The defense industry (more specifically, the intelligence agencies) have been dealing with big data for many years. The overwhelming issue for the defense industry is access to the data. Much of the usefulness and value to be found in data analytics comes from correlating seemingly irrelevant pieces of data and finding trends. This relies on the data being available, open and shared amongst users, tools and organizations. Military forces, intelligence agencies, law enforcement and other big government organizations are really not keen on that whole sharing thing.

Hey—did anyone shop at Target over the holidays? (Cybercrime hurts real people.)

As we connect more things and generate more data, our networks are becoming more complex and, as a result, more difficult to secure. I spend a lot of time reading about cybersecurity and talking to industry experts about network security in general. Some of this stuff is scary—very, very scary. Yet it seems to me that the mainstream media and most of the public is still oblivious to the scope of the threat. I’m amazed that people still seem to think of a hacker as some kid eating Twinkies in his bedroom, rather than the thousands of state-paid operatives sitting in front of computers in China or the crime gangs operating in Russia. Unfortunately, I think 2014 could be the year where large-scale hacks like Target really shake people up and get their attention.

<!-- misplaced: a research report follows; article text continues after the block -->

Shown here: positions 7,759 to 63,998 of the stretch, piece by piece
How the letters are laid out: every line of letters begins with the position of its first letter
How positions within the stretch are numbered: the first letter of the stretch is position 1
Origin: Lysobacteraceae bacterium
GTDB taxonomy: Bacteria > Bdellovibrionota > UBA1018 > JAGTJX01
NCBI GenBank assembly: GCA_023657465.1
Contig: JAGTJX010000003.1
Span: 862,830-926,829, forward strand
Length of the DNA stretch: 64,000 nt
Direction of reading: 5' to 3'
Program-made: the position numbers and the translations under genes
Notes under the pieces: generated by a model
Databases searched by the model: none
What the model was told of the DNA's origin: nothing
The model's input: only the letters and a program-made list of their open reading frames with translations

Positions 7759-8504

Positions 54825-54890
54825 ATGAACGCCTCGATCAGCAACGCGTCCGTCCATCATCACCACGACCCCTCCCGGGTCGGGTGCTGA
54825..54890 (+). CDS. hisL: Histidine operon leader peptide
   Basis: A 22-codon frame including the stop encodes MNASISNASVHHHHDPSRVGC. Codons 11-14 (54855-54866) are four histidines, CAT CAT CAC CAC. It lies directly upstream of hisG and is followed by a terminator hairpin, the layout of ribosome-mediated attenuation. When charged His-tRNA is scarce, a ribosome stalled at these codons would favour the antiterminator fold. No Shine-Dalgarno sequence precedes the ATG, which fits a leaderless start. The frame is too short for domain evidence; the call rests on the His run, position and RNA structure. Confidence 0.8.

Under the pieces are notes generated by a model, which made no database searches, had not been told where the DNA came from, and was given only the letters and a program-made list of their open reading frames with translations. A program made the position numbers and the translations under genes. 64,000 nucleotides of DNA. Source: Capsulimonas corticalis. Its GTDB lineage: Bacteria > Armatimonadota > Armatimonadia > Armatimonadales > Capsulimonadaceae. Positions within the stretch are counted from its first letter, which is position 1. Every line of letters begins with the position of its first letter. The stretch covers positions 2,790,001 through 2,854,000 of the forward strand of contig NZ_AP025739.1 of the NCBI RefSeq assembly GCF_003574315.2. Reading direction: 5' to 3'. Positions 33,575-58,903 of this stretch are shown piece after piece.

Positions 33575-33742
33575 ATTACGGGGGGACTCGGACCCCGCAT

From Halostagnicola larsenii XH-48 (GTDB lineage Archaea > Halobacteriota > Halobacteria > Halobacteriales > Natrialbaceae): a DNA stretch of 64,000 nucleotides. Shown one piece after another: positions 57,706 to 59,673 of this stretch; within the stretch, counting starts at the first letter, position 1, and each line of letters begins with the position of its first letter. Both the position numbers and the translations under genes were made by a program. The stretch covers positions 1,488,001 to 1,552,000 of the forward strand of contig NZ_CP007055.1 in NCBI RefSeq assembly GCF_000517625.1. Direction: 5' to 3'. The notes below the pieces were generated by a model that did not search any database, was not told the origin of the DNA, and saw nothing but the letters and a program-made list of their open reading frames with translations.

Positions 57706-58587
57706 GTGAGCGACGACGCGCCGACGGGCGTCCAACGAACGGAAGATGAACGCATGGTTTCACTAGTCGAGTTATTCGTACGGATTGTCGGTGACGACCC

We keep hearing various individuals in the government ringing the alarm bells and we are seeing a modest and steady investment in cybersecurity, but the reality is that the speed and agility of the threat keeps outpacing our defenses. As the public and business embraces the Internet of Things, there will be millions and millions of new back doors for hackers to exploit. Military leaders have no choice but to factor in all of the public sector risk (which is out of their control) when planning cyber defenses.

Wearable Technology